L.A. is one step closer to privatizing zoo
A proposal to potentially turn over management of the Los Angeles Zoo to a private operator was approved by a Los Angeles City Council committee Thursday. If the plan gets the OK of the full council next month, the city could begin soliciting proposals from prospective operators by the end of this year.
Council members also made a new request: that city analysts develop an alternative to privatization to see whether there are changes that can be made to save money and keep the zoo under city management.
That move was cheered by some zoo workers, who are wary of privatization because they might be transferred to other city departments, and by animal-rights activists, who worry that a zoo not managed by the city might be less transparent when it comes to animal welfare.
Councilman Herb Wesson, who sits on the Arts, Parks, Health and Aging Committee that approved the plan, said the amended proposal will allow the city to consider the pros and cons of privatization.
"Basically, we're looking at plan A and B," Wesson said.
The city has operated the zoo and botanical gardens for 45 years, but like many city services and facilities, the attraction has recently faced budget cuts and staff reductions. Chief Administrative Officer Miguel Santana has warned that the zoo could face more cutbacks in the future, and even possible closure.
Speaking at the committee meeting Thursday, mayoral aide Jim Bickhart said analysts determined that the zoo, in tight economic times, was perhaps not one of those services.
"The zoo was identified as something that is important for the city but is not something we would do in a pinch," Bickhart said.
Privatizing management of the zoo would save nearly $20 million over the next five years, according to city analysts. Opponents of the plan question the savings and warn that privatization could mean steeper ticket prices for the zoo's 1.5 million annual visitors.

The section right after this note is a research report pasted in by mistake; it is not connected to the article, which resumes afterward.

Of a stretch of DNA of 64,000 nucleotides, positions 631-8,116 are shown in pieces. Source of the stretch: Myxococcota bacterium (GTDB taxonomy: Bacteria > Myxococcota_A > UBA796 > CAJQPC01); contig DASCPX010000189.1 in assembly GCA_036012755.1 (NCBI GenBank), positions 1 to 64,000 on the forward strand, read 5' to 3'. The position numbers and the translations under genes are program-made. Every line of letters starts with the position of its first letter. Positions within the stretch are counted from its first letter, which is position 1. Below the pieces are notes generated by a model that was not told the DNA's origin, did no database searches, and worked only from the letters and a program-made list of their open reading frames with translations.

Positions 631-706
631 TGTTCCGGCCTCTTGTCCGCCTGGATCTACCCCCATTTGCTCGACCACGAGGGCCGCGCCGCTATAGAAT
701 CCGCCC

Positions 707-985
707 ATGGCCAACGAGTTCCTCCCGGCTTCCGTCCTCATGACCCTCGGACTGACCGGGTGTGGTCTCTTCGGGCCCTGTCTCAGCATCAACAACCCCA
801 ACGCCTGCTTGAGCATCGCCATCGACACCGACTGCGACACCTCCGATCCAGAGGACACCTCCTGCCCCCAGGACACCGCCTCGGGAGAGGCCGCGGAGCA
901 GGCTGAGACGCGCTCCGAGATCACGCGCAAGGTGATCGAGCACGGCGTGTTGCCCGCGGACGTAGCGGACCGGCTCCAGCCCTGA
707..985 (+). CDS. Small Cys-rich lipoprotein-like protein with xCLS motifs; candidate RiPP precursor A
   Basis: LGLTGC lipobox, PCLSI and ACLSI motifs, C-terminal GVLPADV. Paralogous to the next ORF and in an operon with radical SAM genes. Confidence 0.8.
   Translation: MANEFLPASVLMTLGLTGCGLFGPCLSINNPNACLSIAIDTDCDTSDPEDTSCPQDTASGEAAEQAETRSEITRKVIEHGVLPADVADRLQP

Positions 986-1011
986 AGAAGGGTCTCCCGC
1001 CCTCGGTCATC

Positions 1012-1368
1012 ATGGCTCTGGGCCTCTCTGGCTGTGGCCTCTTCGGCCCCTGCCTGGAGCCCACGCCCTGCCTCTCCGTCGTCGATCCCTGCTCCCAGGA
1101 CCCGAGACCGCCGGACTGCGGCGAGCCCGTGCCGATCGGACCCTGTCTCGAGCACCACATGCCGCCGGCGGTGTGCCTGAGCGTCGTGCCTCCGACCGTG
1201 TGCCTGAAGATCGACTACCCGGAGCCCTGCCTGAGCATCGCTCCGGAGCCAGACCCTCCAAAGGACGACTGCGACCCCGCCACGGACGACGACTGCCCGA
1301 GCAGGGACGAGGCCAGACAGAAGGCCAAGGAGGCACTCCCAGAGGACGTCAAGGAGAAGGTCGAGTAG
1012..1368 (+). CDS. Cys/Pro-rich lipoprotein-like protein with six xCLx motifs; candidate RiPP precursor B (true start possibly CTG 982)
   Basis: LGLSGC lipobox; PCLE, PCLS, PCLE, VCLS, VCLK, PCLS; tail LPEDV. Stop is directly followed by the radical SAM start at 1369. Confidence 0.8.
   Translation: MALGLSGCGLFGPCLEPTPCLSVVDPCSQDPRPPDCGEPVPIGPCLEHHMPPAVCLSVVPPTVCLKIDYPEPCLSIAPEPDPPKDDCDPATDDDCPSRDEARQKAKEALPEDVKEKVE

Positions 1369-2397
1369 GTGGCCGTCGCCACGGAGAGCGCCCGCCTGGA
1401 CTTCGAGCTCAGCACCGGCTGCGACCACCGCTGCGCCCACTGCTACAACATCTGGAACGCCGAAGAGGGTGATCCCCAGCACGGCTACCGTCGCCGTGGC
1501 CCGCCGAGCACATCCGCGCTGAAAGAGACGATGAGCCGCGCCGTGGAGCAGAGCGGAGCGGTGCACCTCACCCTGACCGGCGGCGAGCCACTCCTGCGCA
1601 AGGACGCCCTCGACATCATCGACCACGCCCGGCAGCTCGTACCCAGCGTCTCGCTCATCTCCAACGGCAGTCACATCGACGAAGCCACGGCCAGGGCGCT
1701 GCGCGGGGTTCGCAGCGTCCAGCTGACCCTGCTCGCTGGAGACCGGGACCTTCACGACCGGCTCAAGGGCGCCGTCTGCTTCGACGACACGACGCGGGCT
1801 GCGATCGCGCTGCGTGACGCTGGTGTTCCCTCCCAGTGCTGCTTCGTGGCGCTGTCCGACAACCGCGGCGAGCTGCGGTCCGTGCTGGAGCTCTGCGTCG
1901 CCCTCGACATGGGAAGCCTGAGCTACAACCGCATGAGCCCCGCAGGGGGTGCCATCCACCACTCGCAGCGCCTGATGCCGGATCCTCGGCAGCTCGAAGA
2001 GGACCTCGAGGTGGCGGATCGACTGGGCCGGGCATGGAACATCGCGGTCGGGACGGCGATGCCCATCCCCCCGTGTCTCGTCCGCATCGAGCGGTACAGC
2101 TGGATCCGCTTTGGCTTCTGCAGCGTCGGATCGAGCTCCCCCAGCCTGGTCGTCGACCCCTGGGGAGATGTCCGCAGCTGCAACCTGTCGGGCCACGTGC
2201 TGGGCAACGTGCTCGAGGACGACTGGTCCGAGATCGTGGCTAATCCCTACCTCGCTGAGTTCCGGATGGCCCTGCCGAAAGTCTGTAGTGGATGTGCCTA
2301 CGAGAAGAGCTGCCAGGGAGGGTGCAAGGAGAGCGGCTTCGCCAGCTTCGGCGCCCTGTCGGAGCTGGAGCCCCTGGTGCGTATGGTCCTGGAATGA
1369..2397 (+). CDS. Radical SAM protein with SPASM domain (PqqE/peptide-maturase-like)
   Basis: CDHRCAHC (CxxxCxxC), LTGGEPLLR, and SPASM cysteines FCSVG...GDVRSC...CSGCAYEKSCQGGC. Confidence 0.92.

Councilman Ed Reyes on Thursday said any contract must include stipulations that operators could not raise admission prices sharply.
At the meeting, he and others also discussed measures to ensure that information about the care and condition of the animals is accessible to the public –- a sticking point for animal-rights activists.
Villaraigosa has proposed that a private operator have a board of directors that would hold public meetings, but Santana suggested an alternative: strengthening the oversight capabilities of the city's current advisory board of commissioners.
The proposal to look at an alternative to privatization calls for analysts to examine whether the city may be able to reap more money from changes at the zoo, including extending hours of operation, examining existing concessions contracts and growing animal feed instead of purchasing it.
Zoo director John Lewis has been instructed not to say what he thinks of the privatization plan, but on Thursday, he said some kind of change was necessary.
"What I'm in charge of is a city department that tries to be a zoo," he said.
-- Kate Linthicum at Los Angeles City Hall
Photo: Zoo patrons view a pair of Masai giraffes at the Los Angeles Zoo. Credit: Allen J. Schaben / Los Angeles Times